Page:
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Belfast council bid to resolve Robinson Centre stalemate ‘runs aground’

By Alan Erwin

Published 20/10/2016

The Robinson Centre was closed in 2015 amid concerns over asbestos
The Robinson Centre was closed in 2015 amid concerns over asbestos

Attempts to resolve a legal battle over a leisure centre closed amid asbestos fears have "run aground", the High Court has heard.

Belfast City Council's challenge to the decision to transfer the Robinson Centre in Castlereagh into its control is now set to go to a full hearing early next year.

The action, brought against the Department of the Environment, had been repeatedly adjourned amid continuing efforts to reach a settlement.

But Mr Justice Deeny was informed on Thursday that all talks to date have failed to produce a breakthrough.

David Scoffield QC, for the Council, said: "I'm sorry to inform Your Lordship that, at least for the minute, discussions have run aground.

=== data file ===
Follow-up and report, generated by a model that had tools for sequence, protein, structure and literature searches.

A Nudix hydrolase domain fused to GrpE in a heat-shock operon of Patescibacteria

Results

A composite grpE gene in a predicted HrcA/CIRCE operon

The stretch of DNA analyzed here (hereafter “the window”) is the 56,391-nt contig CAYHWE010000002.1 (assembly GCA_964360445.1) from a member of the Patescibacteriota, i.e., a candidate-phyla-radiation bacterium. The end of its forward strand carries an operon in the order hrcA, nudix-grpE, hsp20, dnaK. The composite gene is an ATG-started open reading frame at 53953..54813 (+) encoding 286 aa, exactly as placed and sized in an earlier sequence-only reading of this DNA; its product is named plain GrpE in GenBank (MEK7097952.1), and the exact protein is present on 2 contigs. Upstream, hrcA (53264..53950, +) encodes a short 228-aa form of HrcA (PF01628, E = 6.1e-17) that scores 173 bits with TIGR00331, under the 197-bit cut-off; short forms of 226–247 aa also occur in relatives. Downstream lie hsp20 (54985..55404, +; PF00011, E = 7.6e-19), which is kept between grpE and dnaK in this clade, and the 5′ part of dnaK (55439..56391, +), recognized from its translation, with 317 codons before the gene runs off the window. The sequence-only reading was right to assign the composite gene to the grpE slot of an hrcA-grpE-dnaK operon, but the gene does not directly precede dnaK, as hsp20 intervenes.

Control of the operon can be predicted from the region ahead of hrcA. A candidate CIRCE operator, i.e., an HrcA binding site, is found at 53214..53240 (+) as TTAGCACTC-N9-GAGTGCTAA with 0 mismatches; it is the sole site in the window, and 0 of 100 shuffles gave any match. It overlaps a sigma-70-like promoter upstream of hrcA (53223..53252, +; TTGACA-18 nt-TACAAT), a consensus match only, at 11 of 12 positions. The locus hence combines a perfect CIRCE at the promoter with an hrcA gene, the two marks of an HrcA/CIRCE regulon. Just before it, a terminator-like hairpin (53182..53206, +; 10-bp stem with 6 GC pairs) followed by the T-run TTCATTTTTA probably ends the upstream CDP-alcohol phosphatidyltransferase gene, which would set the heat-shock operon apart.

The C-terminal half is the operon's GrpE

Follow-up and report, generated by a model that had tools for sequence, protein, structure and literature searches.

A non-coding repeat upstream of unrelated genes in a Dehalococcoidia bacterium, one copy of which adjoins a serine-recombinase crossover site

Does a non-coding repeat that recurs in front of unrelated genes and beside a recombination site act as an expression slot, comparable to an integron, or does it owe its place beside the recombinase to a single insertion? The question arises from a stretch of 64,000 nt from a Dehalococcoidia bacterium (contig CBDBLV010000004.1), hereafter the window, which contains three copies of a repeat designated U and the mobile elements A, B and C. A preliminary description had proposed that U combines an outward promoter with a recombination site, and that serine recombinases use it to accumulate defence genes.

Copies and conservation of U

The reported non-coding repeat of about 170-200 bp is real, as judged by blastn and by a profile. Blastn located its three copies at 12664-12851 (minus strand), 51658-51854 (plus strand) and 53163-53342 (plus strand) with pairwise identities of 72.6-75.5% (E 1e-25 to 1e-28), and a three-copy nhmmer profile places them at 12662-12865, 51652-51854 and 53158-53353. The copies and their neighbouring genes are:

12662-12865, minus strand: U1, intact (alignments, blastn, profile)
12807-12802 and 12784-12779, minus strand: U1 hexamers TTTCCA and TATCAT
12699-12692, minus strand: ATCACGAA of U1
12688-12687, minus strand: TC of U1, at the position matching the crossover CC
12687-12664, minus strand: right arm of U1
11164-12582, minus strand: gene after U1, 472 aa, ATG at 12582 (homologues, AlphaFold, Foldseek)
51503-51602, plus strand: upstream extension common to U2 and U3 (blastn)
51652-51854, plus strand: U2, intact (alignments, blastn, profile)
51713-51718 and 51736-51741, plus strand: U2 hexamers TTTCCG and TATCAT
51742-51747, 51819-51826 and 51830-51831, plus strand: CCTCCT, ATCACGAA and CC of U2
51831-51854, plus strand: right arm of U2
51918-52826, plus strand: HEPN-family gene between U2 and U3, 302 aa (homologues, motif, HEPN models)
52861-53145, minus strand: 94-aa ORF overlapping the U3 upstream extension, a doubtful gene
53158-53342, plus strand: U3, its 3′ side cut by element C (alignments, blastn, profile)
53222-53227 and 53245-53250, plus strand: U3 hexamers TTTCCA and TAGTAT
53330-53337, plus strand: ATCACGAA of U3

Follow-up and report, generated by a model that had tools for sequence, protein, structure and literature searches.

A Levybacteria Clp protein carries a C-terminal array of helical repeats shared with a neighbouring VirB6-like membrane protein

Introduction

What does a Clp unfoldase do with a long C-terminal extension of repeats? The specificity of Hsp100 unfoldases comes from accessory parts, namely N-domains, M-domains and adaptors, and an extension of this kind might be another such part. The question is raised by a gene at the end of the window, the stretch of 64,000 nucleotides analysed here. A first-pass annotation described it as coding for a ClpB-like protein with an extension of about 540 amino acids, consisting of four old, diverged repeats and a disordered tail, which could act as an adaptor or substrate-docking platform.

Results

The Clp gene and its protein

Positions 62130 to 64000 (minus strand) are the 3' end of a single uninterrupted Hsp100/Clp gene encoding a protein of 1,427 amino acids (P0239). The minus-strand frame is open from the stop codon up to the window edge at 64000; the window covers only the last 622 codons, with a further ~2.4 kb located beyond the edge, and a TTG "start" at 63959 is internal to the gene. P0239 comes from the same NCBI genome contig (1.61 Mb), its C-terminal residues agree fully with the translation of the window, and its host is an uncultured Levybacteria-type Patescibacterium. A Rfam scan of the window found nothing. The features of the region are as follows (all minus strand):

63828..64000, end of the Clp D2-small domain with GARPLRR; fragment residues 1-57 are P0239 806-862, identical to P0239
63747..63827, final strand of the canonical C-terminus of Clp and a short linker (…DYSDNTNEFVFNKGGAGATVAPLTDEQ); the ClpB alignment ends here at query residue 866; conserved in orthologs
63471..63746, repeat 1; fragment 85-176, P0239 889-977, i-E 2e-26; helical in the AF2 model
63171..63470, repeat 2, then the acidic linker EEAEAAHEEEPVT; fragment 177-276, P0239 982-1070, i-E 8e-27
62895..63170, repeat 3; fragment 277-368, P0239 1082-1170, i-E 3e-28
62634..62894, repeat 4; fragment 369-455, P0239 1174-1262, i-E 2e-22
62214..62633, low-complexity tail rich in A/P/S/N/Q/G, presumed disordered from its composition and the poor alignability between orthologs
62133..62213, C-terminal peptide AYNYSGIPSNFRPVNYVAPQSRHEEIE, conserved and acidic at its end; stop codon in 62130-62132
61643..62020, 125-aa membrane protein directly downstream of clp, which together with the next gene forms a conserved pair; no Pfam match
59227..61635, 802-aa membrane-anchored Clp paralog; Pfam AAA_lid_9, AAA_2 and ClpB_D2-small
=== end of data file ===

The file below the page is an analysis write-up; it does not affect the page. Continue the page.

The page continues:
"We have agreed to ask the Court to fix a date for (hearing) the matter."

The Robinson Centre, located off the Castlereagh Road, closed in February last year due to health and safety concerns over asbestos.

The facilities were transferred from Castlereagh Borough Council to the new Belfast super council on April 1, 2015.

That prompted an eleventh-hour legal bid to stop the handover.

Although Belfast City Council was denied an order restraining the Department from making the transfer, a challenge to the legality of the move has continued.

The cost of refurbishing the Centre has been estimated at a conservative £5million.

Read more: Belfast's Robinson Centre closes as asbestos puts 35 jobs in jeopardy

In May last year a committee at Belfast City Council approved demolishing the facilities if they remained under its control.

It was stressed at the time, however, that planning of that work was in no way an acceptance that the transfer from Castlereagh Borough Council under Local Government Reform was correct or lawful.

The legal case was previously put on hold to await the outcome of the Northern Ireland Assembly elections in May.

It was hoped that new ministers could then be in place to make a final decision on the leisure centre.

Earlier this year the court was told discussions aimed at ending the dispute were at an advanced stage.

However, Mr Scoffield confirmed the ongoing stalemate.

He pledged that attempts to reach a resolution will continue in advance of the full judicial review.

Listing the case for a three-day hearing in January, Mr Justice Deeny told the parties: "This is now quite a mature matter and I agree it should be disposed of.

"Obviously come in (to court) if you manage to sort it out."

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